The IRS does require 527s to disclose and itemize all contributors that give more than $200 in a calendar year, as well as the expenditures that they make. But unlike federal political committees, whose contribution and expenditure data is readily searchable on the FEC website, information about these 527s is largely locked away in PDF files with the IRS and difficult to find and digest.
A number of 527 “shadow groups” share the same familiar raising and spending patterns. Among them are the Cancer Recovery Action Network, the National Cancer Alliance, the National Committee for Volunteer Firefighters, the American Police Officers Alliance, the National Coalition for Disabled Veterans and several similarly named organizations, which all pay a network of loosely affiliated companies.
Eric Friedman, head of Maryland’s Montgomery County Department of Consumer Protection, has spent the last two years unraveling these networks. In 2019, he busted a ring of scam PACs, and asked the FEC to investigate a group called the Breast Cancer Health Council.
Speaking to The Daily Beast, Friedman likened the task to an “almost impossible” game of whack-a-mole, and said his small research team had also noted that groups have shifted from FEC-registered PACs to 527s.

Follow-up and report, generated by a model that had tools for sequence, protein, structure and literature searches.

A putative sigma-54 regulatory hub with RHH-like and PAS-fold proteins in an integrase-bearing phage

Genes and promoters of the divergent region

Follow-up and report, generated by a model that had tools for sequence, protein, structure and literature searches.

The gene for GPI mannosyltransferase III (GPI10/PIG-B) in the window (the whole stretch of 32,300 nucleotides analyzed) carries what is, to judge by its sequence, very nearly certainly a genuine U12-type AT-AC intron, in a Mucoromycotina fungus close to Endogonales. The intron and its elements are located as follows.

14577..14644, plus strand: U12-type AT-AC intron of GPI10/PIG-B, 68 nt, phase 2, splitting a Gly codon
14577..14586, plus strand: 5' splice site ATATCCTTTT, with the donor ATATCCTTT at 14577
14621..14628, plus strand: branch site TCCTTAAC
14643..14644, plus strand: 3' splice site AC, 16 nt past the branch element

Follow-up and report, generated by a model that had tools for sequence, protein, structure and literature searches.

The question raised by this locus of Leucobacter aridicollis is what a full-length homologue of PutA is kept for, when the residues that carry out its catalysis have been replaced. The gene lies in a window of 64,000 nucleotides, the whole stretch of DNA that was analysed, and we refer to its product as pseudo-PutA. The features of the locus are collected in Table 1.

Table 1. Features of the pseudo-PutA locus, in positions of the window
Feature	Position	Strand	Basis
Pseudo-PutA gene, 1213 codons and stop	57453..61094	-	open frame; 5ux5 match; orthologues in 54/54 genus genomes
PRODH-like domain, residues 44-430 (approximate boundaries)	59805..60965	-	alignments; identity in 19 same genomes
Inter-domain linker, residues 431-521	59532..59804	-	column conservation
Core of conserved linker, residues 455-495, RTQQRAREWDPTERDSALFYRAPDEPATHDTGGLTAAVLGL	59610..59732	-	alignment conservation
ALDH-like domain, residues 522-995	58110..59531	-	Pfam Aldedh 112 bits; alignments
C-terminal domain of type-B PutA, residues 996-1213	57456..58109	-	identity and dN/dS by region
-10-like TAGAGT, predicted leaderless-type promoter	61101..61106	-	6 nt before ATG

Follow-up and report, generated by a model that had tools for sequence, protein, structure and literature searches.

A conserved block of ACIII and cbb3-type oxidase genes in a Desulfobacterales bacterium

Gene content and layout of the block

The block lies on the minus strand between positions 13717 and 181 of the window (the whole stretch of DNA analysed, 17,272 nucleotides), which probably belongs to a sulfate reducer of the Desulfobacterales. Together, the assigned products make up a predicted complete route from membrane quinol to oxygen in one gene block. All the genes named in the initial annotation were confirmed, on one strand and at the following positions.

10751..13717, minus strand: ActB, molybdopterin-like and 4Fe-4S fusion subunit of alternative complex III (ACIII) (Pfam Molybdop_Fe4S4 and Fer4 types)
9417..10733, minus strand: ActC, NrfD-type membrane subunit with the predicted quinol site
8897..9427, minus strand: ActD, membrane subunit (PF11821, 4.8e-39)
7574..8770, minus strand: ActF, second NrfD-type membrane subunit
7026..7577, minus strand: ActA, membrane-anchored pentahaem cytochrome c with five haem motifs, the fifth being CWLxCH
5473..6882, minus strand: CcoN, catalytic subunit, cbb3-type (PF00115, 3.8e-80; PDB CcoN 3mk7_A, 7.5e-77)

“Scammers are clever and constantly moving. So it looks like the trajectory started as phony charities, [which] then decided they were better off operating as phony FEC groups, and now the latest transition—just in time for Halloween, I guess—is to be a phony PAC registered with the IRS instead of with the FEC,” Friedman said.
Asked why these groups have made the new shift, Friedman said it was complicated, “but the short of it is that it’s easier to hide what they’re doing, so we’re now looking at that phase of the scam.”
Lloyd Mayer, a nonprofit law expert at the University of Notre Dame Law School, explained why the change poses a new hurdle.
“The obvious reason to move away from being a federal political committee to a 527 is the FEC actually has a full staff look at all reports that are filed. The IRS could do that in theory, but they don’t,” Mayer said, noting that the available IRS staff—already stretched thin—is “an order of magnitude” smaller for this work.
“No one is looking to see if the filings make sense, if the math is correct, if the numbers are semi-accurate,” he added. “You could shade them, lie, misrepresent, fudge, make it hard to see.”
Phil Hackney, a nationally recognized nonprofit law expert at the University of Pittsburgh School of Law, said he is most frequently concerned about the opposite scheme—political groups posing as nonprofits—and had never seen this approach.
“I don’t know of anybody looking at the question of someone using a 527 as a vehicle to carry out a scam. It’s actually hard to say something about it, because you don’t have a body of law addressing vehicles being used in this way, and I’m not sure if you could use tax law to crack down,” Hackney said.
But he noted that the Federal Trade Commission and state attorneys general may have jurisdiction “regarding consumer interest protections and possible wire fraud,” an observation shared by multiple campaign finance and nonprofit law experts.
Research contact @thedailybeast